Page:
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Monday, May 10, 2010

Welcome Guest Author Kat Doran...

Choosing the Setting by Kat Henry Doran

I am a nurse by first profession; I've been writing for perhaps twenty years, published in novel length romance fiction since 2004. For the last ten years of my nursing career, I worked for a malpractice insurance carrier as an investigator. The position required me to travel the length of Upstate New York. One glorious Fall day, while driving through a small Central New York town, I passed a NYS Trooper substation. One lone car parked in the lot sparked the “what if” process that all writers experience. What if a hot shot police investigator from the big city is reassigned to a small town in the middle of nowhere? That became Nohmensville, aka No Man's Land, the setting for my first novel Captain Marvelous.

On another beautiful day in the Fall, I drove I-88 from Binghamton toward Albany and discovered the perfect scene of the crime for Captain Marvelous where women were murdered, then dumped like pieces of garbage along interstate which frames the Northern border of the Catskill Mountains. I deliberately created small, rural town where the social life of the townspeople centers around its festivals, amateur sports, and the local VFW pot luck suppers. I wanted the hero to start out being an elitist big-city attitude who loathes everything about small towns, the unique slow pace, the attitudes and mores, biases and eccentricities.

For my second novel, a romantic suspense titled Try Just Once More, I chose my favorite vacation spot—Saranac Lake, a town in the Adirondack Mountains of Northern New York, famous for its strides in finding cures for tuberculosis prior to the advent of effective meds and its spitting distance from Lake Placid and Olympic history. There is such charm here, with many of the cure cottages and cure porches still in existence. I wanted a place for my wounded heroine to run to after she hits bottom, a place that would welcome my wounded hero and give him a home to love.

For my third book, which comes out in September, 2010, as part of an anthology, I invented a suburb for Buffalo New York because I needed to be close to the Canadian border. As a victim advocate I often took my kids and their friends to Take Back the Night marches, protesting violence against women. I felt the need to introduce the girls to First Amendment rights as well as the plight of crime victims. The marches were always safe; we always made sure to have a “police presence” along the way. But as I began to plan the novella titled Raising Kane, I added a few characters to the mix of protesters, then turned the march into a riot in front of a biker bar with drunks, beer bottles, brick bats, and activists nuns. Great fun.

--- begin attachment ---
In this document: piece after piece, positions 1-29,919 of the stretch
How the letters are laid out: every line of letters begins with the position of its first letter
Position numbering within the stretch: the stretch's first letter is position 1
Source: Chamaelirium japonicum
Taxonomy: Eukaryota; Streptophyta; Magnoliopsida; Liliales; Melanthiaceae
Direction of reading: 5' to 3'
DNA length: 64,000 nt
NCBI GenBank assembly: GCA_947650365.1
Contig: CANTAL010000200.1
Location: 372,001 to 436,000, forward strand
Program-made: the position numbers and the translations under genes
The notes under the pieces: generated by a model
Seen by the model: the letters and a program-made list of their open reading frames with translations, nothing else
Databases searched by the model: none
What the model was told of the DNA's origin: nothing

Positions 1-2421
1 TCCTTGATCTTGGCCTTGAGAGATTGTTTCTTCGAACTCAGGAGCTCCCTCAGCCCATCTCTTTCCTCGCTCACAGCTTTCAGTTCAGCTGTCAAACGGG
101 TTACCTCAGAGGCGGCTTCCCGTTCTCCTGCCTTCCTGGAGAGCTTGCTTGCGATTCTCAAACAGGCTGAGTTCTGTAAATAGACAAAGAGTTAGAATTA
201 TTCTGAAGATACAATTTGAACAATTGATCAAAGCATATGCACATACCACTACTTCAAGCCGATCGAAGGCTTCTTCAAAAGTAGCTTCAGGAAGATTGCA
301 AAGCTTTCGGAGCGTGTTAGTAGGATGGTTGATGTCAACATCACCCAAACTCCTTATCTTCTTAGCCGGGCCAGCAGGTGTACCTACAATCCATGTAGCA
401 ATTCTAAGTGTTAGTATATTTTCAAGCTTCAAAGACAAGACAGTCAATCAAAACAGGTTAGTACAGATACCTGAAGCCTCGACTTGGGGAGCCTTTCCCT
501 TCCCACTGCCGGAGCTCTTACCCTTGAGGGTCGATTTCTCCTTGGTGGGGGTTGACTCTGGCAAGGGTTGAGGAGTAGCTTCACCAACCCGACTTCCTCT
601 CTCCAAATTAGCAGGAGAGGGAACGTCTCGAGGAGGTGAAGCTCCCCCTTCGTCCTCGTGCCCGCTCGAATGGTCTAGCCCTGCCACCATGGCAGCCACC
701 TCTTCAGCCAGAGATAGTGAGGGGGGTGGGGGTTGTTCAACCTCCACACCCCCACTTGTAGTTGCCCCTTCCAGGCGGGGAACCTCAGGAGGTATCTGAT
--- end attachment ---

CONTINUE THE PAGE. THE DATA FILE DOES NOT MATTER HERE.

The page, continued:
And now that I am a grandmother, I'm adding small children and all their dramas to my stories. One doesn't provide child care three days a week and not develop enormous respect for pre-school teachers, SpongeBob SquarePants®, Dora the Explorer®, and Clifford the Big Red Dog®.

I am currently involved with an ongoing series for The Wild Rose Press, called The Class of '85. The premise is centered around an invitation to the 25th high school reunion of the class of 1985. To start, we needed to create a small city of about 50,000 with a lot of character, history, and elegant architecture. As so often happens, brilliance strikes when we least expect it. I discovered a small, enclosed neighborhood in the middle of Rochester, where I've lived for the past 30 years, complete with stone and brick mansions, cobblestone streets, and tidy, manicured parks. Ta da! We picked up this neighborhood and dropped it on a bluff over looking Lake Ontario, Queen of the Great Lakes. Then we needed to create a framework for the high school, identify the basics [sports, principal, executive secretary, chief custodian] and let the authors take it from there.

One of the stories Archangel and Mad Dog involves a con man hero who returns home after his best friend dies and leaves the hero with a mega-million dollar charity to manage. The hero must decide if he wants to help the disadvantaged--or himself. The heroine, a former nun, is an activist for the homeless, nicknamed Mad Dog, who shows him the straight and narrow. It's a hoot of a story.

FMI: www.KatHenry.com


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